The researchers based their second fluorescent motor on an already constructed motor that was driven by two low-energy near-infrared photons, according to researcher Lukas Pfeifer. Motors that are powered by near-infrared light are useful in biological systems, as this light penetrates deeper into tissue than visible light and is less harmful to the tissue than ultraviolet light. Pfeifer added an antenna to the motor molecule that collects the energy of two infrared photons and transfers it to the motor.

“While working on this, we discovered that with some modifications, the antenna could also cause fluorescence,” Pfeifer said. The team ultimately determined that the molecule could have two different excited states. In one state, the energy is transferred to the motor part and drives rotation. The other state causes the molecule to fluoresce.
Researchers in the group of Ben Feringa achieved dual-function, including fluorescence in light-driven molecular motors using two designs. One of the motors was prepared by chemically attaching an antenna to a molecular motor. Rotation and photoluminescence can be controlled using light of different wavelengths. Courtesy of Lukas Pfeifer.
Researchers in the group of Ben Feringa achieved dual function, including fluorescence, in light-driven molecular motors using two designs. One of the motors was prepared by chemically attaching an antenna to a molecular motor. Rotation and photoluminescence can be controlled using light of different wavelengths. Courtesy of Lukas Pfeifer.
Professor Maxim Pshenichniko performed spectroscopic analysis of both types of fluorescent motors. According to Pshenichniko, the second motor is one chemical entity on which the wave function is not localized. Further, depending on the energy level, this motor can have two different effects. By altering the wavelength of the light, and, as a result, the energy that the molecule receives, the motor delivers either rotation or fluorescence.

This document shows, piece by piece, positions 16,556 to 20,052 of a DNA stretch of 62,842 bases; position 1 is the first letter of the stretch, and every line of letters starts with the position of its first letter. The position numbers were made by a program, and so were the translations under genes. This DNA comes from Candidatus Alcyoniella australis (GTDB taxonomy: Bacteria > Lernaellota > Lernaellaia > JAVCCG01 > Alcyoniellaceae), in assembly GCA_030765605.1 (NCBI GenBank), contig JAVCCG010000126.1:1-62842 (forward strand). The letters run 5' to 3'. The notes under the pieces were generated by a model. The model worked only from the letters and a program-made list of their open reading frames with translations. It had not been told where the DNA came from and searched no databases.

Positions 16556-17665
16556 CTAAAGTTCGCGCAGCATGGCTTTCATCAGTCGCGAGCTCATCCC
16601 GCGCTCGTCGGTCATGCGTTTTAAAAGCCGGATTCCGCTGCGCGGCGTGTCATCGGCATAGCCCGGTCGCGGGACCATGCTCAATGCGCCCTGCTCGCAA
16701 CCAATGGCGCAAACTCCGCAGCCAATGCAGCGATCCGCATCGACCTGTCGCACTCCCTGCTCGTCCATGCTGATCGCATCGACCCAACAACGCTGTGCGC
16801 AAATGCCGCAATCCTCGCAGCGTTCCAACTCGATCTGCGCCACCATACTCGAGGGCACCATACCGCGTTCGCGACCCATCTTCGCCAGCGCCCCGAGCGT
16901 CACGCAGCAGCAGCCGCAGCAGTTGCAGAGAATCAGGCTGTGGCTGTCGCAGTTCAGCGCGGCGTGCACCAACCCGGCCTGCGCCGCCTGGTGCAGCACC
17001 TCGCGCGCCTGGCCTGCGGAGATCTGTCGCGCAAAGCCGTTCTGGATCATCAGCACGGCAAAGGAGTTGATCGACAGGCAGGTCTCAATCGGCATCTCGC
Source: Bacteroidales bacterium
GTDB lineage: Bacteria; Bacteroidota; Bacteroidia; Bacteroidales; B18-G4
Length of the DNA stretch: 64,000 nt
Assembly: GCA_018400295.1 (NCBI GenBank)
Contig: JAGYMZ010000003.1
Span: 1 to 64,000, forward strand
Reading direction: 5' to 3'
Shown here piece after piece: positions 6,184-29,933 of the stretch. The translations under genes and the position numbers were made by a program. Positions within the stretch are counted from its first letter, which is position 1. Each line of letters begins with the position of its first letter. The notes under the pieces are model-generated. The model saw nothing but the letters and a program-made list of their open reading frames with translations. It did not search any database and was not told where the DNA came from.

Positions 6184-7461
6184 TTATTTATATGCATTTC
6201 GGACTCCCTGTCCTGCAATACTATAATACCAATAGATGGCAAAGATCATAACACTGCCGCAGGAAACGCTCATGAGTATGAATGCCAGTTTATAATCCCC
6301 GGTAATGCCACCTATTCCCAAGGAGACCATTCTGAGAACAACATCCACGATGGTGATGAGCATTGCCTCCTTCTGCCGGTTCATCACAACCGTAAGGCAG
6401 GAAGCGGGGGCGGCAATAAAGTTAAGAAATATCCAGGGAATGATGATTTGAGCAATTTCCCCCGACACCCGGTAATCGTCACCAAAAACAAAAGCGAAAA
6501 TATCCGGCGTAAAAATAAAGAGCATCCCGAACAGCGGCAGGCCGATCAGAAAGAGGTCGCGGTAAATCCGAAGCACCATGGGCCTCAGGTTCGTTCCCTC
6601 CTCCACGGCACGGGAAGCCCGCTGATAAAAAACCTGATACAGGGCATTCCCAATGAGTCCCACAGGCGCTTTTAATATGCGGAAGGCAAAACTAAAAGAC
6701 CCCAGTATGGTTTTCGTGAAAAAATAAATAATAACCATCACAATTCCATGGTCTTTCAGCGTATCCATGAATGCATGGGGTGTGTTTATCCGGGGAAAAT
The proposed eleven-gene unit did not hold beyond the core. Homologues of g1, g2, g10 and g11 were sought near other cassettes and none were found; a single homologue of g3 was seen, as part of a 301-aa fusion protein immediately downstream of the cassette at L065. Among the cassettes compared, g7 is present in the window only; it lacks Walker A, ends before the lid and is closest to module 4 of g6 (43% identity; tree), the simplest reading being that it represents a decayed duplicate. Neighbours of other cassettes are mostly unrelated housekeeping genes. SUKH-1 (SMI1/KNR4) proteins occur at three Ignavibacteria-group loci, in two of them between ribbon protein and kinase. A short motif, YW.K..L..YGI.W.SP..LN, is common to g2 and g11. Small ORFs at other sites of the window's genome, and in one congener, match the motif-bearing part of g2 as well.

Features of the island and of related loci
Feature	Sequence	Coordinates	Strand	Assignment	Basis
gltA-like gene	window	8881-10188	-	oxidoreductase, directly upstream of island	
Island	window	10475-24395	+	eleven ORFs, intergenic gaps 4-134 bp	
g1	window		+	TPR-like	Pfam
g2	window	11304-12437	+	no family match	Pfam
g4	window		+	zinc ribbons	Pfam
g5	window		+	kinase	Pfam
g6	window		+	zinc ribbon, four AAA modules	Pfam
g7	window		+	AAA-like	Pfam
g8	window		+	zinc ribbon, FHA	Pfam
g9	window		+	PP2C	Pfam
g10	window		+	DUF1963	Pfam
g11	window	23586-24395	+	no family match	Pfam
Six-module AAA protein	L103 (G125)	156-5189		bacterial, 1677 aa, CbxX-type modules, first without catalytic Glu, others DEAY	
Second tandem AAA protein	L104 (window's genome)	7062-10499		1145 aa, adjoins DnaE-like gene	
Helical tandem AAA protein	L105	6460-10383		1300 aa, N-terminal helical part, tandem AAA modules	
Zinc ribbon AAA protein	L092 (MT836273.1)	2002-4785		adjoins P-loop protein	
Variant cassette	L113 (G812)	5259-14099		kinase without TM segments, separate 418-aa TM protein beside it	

A next step in the work would be to show motility and detect the molecule’s location simultaneously by tracing the fluorescence. Feringa said, “This is very powerful and we might apply it to show how these motors might traverse a cell membrane or move inside a cell, as fluorescence is a widely used technique to show where molecules are in cells. We could also use it to trace the movement that is induced by the light-powered motor, for instance on a nanoscale trajectory or perhaps trace motor-induced transport on the nanoscale.”

The research was published in Nature Communications ( and in Science Advances (

Published: November 2022
Fluorescence is a type of luminescence, which is the emission of light by a substance that has absorbed light or other electromagnetic radiation. Specifically, fluorescence involves the absorption of light at one wavelength and the subsequent re-emission of light at a longer wavelength. The emitted light occurs almost instantaneously and ceases when the excitation light source is removed. Key characteristics of fluorescence include: Excitation and emission wavelengths: Fluorescent materials...
molecular machinesmolecular motorsmolecular motionlight-activated moleculesMaterialsfunctional materialsdrug deliveryBiophotonicsfluorescenceSMARTrotary motionResearch & TechnologyeducationUniversity of GroningenBen Feringarotary motorsmotionpharmalight-responsive moleculesBioScanTechnology News